Dotted with apricot-coloured guest cottages, secluded and brilliantly boho Amanruya feels a world away from Bodrum. The luxury resort looks out over the Aegean Sea and has a beach club on the protected bay. The village-like block buildings are constructed from local materials, and each guest pavilion has a private garden with a pool and pergola. There’s also a glittering hillside infinity pool, a dainty Aman spa, a yoga studio and a library tower. Dine on expertly prepared Mediterranean and Turkish cuisine on one of the smattering of dining pavilions scattered throughout the resort and sample wines in the cellar-like lounge.
Noon, but flexible, subject to availability. Earliest check-in, 2pm. Check-out can be extended to 4pm; check-outs between 4pm and 7pm will be charged half the daily room rate, and check-outs after 7pm will be charged for a full extra day.
Double rooms from £1649.78 (€1,917), including tax at 19.8 per cent.
Rates usually include à la carte breakfast and free round-trip airport transfers between Bodrum Milas International airport and Amanruya.
Climb the spiral wood staircase to the third floor the library tower. This light-filled room has four walls of windows and is lined with cosy window seating; it’s a beautiful spot to read, relax and take in the 360-degree views.
Annually from 1 October to 15 April.
At the hotel
Beach, yoga studio, tennis court, fitness centre, free WiFi throughout, laundry. In rooms: TV, DVD player, iPod dock, WiFi, minibar with free bottled water, tea- and coffee-making facilities, Nespresso coffee machine, and Aman bath products.
Our favourite rooms
All the pavilions have spacious gardens, shimmering private swimming pools, and bright white bedrooms. For the most privacy and striking sea views, go for an aptly named Deluxe Sea-View Cottage.
The day-bed-flanked 50m infinity pool runs alongside the spa. It’s lined with emerald-green marble from Turkey’s southern Antalya region, and if you swim to the overflowing edge you’ll be rewarded with views over the olive trees down to the bay. There’s also a smaller communal pool, and each pavilion has a private pool too.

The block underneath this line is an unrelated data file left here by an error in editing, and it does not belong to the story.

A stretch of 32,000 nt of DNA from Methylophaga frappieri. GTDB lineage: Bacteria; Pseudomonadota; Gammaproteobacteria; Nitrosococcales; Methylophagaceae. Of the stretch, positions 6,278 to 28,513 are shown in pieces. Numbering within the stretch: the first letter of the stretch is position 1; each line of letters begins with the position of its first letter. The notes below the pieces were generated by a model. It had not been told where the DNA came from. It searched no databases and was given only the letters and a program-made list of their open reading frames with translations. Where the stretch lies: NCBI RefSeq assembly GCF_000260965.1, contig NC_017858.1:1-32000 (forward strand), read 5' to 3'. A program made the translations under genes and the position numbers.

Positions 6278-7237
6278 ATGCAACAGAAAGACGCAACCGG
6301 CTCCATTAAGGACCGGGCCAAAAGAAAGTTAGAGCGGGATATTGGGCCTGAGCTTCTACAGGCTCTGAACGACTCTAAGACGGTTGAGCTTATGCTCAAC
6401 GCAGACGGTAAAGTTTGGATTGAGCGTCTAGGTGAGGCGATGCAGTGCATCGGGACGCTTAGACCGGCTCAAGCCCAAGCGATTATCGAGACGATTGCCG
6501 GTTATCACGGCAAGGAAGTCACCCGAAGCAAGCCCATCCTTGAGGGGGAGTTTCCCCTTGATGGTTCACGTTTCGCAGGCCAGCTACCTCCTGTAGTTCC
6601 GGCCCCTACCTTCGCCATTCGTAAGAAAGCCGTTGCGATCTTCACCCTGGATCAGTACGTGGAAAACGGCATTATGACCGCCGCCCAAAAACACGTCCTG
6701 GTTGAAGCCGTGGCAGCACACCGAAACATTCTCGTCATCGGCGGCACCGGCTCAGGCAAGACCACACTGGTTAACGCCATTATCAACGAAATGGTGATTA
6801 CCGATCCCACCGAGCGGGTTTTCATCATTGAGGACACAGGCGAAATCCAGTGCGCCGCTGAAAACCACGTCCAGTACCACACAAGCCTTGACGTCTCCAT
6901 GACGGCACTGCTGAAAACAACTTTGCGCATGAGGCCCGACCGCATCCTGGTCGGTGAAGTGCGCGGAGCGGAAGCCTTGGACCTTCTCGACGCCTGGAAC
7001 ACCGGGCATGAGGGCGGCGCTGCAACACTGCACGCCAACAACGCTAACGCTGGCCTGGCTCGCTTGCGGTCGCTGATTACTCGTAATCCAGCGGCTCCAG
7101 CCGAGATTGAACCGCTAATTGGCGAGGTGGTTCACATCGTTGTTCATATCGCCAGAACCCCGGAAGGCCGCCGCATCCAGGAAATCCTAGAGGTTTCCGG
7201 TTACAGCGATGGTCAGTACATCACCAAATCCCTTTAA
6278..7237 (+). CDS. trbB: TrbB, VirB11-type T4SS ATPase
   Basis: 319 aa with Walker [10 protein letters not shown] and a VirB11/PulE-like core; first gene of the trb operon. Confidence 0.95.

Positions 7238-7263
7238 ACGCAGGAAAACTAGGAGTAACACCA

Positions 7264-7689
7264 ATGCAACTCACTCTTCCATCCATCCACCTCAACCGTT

Next to the inviting infinity pool, Aman Spa has two treatment rooms, one specifically for couples. Choose from a range of Amanruya rituals, classic massages (including Swedish and Thai), facials, mani-pedis. Book the spa’s signature treatment for a cardamom and bergamot essential oil-infused Swedish massage followed by reflexology and energy work, or revitalise weary feet with an herbal foot-bath, crystal salt scrub and reflexology combo.
Bring floaty boho coverups and impossibly white swimwear.
You can borrow bikes to explore your surrounding, meditatively stretch in the yoga studio, or work on your swing on the tennis court.
Small dogs can stay for free in your room, but they’re not allowed in any of the public areas, the restaurants or the beach club. Dog bowls are provided, but you’ll need to bring the kibble. See more pet-friendly hotels in Bodrum Peninsula.
Amanruya is more suited to adults, but children are welcome; the Garden Terrace Pavilions work best for families. The hotel can organise activities, such as tennis and swimming lessons, arrange babysitting for €11 an hour, and provide key baby kit.
Amanruya is more suited to adults, but children are welcome. All rooms can accommodate a maximum of three adults, but if guests book for two adults and one child under 12, an additional child under 12 can be added for free.
The Garden Terrace Cottages are best for those travelling with little Smiths.